Alisa Maximova took part in symposium on museums and public participation
In the paper, based on 30 in-depth interviews with participants and organizers of museum volunteer programs, I describe the multiple forms of interaction between museums and volunteers and the multiple effects of participation in Russia. Volunteer participation differs in historical museums of certain types: for instance, in museum-reserves focussed on social history and ethnography, memorial museums devoted to famous people, local history museums in small regional towns, exhibitions that deal with industrial and technical heritage. “Making history together” in Russian museums involves volunteers collecting, researching, performing tours and theatrical sketches, participating in and co-curating exhibitions, online media, and publishing projects. Participation helps amateur local historians and hobbyists make their work public, reconnects volunteers with their families’ or region’s past, creates links between individuals and larger cultural themes. It has an effect on museums: for example, it makes it possible to look on their work from the outside and pushes museum professionals to share responsibility with highly motivated newcomers who make claims for “serious” tasks.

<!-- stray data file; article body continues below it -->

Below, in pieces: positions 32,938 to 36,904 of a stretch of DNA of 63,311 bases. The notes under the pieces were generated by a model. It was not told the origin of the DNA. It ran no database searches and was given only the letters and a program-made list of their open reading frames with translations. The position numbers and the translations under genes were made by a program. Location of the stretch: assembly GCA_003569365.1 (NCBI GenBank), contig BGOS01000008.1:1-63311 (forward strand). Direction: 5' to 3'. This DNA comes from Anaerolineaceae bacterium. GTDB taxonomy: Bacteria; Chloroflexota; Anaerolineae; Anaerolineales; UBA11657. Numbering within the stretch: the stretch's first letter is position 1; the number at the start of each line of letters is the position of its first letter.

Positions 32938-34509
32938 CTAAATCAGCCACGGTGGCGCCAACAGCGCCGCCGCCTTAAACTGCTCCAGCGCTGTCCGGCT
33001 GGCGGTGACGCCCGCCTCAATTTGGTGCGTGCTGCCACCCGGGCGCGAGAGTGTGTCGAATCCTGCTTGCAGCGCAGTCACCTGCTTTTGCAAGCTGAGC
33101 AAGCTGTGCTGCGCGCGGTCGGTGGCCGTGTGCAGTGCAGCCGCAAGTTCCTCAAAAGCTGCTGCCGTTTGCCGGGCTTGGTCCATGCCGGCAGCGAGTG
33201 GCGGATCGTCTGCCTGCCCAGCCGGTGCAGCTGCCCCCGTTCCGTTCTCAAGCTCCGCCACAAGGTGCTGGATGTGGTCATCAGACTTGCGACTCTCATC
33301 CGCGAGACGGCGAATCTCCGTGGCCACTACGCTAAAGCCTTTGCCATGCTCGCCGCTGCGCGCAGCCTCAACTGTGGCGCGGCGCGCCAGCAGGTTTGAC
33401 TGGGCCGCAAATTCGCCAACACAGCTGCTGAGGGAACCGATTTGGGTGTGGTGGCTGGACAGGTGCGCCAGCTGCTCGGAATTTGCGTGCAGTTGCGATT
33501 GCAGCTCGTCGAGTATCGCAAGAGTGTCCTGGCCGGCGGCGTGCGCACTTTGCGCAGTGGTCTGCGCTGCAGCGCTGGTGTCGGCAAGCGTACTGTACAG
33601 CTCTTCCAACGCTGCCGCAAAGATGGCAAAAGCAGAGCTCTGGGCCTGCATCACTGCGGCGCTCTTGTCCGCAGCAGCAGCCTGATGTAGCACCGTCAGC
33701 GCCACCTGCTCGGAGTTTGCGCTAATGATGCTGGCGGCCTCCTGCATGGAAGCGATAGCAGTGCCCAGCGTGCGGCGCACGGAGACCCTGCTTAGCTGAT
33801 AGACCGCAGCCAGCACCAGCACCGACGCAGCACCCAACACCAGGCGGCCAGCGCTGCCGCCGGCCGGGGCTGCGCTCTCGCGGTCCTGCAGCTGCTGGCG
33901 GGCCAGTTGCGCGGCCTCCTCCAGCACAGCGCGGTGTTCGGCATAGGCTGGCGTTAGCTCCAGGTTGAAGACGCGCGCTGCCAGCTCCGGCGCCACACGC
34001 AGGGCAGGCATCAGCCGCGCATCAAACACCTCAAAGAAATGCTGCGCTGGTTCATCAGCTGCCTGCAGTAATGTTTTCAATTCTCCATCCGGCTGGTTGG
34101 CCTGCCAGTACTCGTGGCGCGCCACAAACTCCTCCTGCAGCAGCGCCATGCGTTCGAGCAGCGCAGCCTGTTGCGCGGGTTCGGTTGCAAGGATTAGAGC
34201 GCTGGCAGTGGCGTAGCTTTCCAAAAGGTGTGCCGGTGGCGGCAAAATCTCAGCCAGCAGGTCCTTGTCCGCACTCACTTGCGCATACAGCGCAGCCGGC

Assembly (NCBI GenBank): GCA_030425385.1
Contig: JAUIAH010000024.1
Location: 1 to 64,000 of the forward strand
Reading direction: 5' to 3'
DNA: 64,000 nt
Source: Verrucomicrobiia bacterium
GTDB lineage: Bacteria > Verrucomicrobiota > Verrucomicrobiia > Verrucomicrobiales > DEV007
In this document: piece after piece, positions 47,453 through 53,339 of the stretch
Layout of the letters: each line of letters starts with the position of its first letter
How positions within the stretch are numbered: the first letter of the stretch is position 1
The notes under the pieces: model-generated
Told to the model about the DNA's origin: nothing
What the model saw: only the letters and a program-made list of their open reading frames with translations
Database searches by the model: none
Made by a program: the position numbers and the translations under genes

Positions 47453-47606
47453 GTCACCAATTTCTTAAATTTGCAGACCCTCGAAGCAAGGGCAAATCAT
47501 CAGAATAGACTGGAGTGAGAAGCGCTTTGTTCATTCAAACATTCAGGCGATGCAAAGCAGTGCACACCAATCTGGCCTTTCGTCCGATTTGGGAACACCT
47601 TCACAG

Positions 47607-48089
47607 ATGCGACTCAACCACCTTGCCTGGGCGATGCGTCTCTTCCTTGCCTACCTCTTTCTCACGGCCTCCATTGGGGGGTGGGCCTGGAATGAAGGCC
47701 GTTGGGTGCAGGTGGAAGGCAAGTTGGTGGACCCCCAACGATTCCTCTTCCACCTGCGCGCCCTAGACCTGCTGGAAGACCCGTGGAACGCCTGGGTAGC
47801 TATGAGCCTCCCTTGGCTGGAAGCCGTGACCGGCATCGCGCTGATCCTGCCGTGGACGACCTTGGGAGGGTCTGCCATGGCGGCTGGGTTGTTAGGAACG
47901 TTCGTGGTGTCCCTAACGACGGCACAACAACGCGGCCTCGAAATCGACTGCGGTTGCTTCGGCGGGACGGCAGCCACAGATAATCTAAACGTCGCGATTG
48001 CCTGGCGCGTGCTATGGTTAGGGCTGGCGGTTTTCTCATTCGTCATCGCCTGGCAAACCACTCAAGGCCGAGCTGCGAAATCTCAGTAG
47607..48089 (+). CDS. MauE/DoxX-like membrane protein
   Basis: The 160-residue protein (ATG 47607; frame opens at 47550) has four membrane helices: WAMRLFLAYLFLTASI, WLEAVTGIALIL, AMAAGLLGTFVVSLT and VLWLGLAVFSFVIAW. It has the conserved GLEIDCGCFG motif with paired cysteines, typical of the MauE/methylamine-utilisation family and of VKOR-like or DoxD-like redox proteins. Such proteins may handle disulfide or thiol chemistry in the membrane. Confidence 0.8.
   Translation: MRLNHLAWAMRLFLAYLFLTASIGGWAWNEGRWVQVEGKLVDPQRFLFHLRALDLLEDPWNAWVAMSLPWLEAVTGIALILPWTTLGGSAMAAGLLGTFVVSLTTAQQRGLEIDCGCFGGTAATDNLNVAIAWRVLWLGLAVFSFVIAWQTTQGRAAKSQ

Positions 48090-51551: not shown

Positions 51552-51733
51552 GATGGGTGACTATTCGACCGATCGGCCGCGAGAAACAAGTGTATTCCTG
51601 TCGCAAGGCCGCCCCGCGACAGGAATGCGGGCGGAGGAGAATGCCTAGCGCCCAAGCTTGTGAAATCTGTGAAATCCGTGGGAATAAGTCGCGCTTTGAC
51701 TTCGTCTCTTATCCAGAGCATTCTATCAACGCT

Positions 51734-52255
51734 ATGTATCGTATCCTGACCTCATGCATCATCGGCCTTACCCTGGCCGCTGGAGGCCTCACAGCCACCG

I argue that it is important to view the “career” of a museum volunteer and the interaction between the museum and volunteers as a dynamic communicative process in which identities, social relationships, boundaries and forms of expertise and perceptions of historical knowledge and artifacts are being formed and redefined.